Saturday, October 11, 2014

A Dozen Strauss Trucks

Saturday, October 11, 2014
   Sunny and cooler temperatures

A Dozen Strauss Trucks

  I've been writing about lumber (timber) trucks,and for a few of the latest posts had the Struss lumber truck with its trailer. However, if you simply type in "Strauss Truck" rather than "Strauss Timber Truck", all kinds of trucks will show as the search results.  I did this by accident, several times, and corrected myself, but knew I would have today's post for an idea. 

   What's noteworthy is that Strauss made at least 12 of these toy trucks all similar in design and with bold colours and the key wind movement. More interestingly, these toys were made for over a decade (1930's-1940's), so they certainly must have sold very well.

The truck below is a delivery truck and is quite different from the other trucks presented today.
The 3 trucks below are very similar. The main differences are the colour schemes and the titles on the sides of the trucks. Also the sizes are different.

The Strauss Auto Dump Truck below is  slightly;y different with 
the smaller-sized dumpster in the back of the truck.

The Strauss  Tow Truck got larger over a deceased. What I find interesting is that the company stayed with an older-model truck in 1940. What's more interesting is that the newer model 
doesn't have head lights!

Once again, we see the same basic design below. What changes from the 1930's to the 1940's
is that there is a  rear gate that folds down in the 1940's version.

Another type of truck in the Strauss line was the  liquid delivery. There were 2 liquids - water and oil. Here again, you can easily see the similarities between booth the water and the oil delivery trucks. 

The differences are small. The water truck has one filling cap, while the oil has 2 caps.
Smaller differences include the colour themes and the side numbers.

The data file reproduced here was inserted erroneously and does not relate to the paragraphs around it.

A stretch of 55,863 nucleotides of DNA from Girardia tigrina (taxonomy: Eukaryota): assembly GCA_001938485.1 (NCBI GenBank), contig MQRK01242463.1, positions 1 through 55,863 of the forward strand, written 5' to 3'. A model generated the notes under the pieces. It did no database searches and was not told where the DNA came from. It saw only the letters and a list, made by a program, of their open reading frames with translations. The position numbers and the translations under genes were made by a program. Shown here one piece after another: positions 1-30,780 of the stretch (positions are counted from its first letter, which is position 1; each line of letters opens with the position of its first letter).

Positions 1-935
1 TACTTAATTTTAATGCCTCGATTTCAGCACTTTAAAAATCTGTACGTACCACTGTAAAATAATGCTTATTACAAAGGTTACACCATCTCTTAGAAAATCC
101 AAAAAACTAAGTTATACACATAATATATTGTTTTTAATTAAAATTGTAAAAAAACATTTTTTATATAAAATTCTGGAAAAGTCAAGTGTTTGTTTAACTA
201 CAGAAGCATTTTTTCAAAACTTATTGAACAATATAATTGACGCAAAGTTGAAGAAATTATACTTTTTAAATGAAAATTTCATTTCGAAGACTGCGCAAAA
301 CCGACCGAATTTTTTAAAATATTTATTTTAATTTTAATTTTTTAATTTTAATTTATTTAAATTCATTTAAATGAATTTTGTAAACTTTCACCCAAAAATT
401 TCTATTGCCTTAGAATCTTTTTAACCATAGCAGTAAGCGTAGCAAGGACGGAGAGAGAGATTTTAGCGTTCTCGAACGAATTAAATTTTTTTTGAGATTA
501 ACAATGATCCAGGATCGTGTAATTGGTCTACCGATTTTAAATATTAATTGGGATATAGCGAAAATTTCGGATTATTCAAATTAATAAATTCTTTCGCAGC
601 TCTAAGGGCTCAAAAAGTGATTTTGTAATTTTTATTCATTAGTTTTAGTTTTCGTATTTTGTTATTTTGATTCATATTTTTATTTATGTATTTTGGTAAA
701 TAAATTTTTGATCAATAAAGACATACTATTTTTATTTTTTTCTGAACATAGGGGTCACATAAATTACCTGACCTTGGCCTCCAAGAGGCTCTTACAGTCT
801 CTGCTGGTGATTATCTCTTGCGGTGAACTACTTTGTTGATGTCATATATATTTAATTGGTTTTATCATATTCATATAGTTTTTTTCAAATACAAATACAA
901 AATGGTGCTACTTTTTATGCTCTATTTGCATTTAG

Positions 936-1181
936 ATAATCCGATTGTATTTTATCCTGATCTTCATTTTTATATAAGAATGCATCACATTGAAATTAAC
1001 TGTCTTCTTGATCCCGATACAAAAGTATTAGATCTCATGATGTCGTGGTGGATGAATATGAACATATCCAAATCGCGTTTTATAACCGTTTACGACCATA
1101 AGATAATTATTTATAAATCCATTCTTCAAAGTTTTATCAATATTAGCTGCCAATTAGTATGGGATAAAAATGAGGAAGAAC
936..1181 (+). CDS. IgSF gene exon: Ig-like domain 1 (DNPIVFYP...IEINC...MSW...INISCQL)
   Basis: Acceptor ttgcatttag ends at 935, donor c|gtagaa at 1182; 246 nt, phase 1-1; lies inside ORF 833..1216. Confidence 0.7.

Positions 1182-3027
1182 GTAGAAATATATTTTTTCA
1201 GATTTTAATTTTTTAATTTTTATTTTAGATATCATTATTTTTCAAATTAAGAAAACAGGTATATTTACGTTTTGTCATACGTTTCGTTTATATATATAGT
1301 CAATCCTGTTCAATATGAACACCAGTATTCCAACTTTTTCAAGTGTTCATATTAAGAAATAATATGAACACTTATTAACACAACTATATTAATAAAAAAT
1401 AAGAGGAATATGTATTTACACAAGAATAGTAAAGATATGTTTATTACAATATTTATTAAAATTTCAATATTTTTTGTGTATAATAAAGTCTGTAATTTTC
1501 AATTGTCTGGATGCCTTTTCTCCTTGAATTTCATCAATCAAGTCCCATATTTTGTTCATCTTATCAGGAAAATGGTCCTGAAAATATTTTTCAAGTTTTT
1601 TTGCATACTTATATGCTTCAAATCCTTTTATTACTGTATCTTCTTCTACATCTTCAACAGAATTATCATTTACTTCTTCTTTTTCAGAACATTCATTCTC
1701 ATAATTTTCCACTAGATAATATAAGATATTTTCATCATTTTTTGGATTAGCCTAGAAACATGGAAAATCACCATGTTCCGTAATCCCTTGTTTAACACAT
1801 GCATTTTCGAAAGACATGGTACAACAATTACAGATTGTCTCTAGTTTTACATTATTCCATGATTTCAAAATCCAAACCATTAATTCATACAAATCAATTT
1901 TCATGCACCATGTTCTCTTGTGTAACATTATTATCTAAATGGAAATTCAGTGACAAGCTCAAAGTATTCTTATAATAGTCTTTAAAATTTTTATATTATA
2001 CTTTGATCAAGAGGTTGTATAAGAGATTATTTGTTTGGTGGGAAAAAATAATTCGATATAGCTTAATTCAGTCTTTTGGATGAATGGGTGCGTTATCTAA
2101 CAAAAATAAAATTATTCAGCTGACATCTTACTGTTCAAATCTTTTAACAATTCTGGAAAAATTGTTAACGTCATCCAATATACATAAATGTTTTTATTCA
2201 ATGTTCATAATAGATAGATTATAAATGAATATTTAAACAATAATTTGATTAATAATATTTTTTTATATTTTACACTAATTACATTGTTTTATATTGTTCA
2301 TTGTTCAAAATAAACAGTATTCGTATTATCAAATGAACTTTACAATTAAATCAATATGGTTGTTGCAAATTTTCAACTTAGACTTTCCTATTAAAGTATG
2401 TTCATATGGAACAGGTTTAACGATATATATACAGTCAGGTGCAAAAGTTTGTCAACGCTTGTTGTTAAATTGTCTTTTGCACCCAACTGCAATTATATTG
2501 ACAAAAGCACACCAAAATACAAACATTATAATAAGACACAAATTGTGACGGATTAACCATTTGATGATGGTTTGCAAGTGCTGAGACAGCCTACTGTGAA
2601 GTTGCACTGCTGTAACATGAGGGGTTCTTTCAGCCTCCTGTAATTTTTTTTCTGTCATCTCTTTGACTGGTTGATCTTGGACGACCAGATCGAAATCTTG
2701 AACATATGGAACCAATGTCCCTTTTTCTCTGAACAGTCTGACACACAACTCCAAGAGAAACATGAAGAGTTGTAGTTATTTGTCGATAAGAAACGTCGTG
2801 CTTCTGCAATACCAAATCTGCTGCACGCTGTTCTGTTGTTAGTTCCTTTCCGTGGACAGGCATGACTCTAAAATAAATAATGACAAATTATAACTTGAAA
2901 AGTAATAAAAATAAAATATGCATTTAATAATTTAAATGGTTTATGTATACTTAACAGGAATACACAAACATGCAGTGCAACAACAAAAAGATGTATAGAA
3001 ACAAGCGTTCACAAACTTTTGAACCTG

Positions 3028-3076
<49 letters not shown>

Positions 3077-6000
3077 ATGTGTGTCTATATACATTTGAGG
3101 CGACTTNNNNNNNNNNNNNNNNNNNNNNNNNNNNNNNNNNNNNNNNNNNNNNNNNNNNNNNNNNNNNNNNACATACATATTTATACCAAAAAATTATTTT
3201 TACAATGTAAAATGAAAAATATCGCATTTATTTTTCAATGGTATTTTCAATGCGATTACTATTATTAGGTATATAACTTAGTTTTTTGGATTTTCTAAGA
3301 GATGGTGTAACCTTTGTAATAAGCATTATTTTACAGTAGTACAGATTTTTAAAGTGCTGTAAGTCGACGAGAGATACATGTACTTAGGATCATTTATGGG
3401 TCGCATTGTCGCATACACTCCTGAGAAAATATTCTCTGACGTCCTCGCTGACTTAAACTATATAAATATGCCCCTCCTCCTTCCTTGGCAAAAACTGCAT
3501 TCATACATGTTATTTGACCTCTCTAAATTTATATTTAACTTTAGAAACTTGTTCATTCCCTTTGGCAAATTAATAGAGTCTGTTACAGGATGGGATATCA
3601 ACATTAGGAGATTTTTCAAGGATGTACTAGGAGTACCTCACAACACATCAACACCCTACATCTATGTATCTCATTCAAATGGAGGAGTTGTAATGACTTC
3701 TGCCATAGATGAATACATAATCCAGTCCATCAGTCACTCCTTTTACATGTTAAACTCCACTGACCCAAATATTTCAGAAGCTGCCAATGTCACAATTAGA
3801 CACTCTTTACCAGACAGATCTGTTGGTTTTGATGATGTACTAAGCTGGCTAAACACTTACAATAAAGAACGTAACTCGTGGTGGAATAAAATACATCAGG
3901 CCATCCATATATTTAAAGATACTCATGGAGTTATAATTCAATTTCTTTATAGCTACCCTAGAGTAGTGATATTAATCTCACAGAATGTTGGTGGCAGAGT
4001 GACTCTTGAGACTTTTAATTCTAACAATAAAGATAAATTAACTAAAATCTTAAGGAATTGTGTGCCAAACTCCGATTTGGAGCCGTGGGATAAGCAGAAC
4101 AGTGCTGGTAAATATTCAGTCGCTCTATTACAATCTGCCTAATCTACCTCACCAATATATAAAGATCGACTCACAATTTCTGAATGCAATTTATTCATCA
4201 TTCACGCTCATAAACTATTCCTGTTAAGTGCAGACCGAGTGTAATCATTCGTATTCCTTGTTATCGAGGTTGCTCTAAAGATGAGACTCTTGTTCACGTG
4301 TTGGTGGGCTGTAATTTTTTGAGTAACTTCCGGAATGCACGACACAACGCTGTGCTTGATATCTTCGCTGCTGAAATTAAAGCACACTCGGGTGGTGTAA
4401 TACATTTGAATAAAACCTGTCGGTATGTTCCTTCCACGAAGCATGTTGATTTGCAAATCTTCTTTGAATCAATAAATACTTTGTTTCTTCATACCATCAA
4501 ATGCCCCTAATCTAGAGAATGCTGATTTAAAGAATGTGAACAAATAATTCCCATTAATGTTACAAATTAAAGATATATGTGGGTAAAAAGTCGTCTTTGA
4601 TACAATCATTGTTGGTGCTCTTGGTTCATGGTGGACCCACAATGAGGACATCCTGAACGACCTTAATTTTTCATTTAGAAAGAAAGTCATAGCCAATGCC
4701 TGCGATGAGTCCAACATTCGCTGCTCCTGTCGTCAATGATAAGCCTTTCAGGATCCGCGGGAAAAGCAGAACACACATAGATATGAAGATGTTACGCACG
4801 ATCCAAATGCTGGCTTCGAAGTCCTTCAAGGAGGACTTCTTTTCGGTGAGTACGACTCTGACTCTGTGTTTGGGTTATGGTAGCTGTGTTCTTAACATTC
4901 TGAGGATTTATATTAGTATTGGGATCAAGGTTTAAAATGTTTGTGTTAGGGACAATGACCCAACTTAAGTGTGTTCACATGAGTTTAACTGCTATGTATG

72 for water,  and 73 for the larger oil truck.
The junior-sized truck is smaller, and has no numbers.

Once again notice that the larger trucks don;t have headlights, while the smaller "junior" has them.

There's an old expression that says "if it isn't broken, don;t fix it".
Interpreted, that simply meant that if something worked or was a successful, then don't change it.
In the case of the Strauss trucks, the basic design didn't change much for a deceased, and the designs for most of the trucks, albeit the colour patterns were also similar.

On an assembly line, workers, I'm sure would have been quite proficient and fast at being able to mass produce these toys. Of course, they must have learned from Henry Ford and his assembly line.

Or perhaps they learned, but "altered" from one of his famous lines.

Several years after Mr Ford had proven the  moving assembly line to be very successful, and his Model T Fords rolled off one-after-another very swiftly, Mr. Ford was  asked  a question by a reporter.

"Mr. Ford," the reporter asked. 
"Are you ever going to paint your cars in other colours beside black?
"Yes"  Mr. Ford,  was supposedly heard to have said answered.
Any colour, as long as it is in black".

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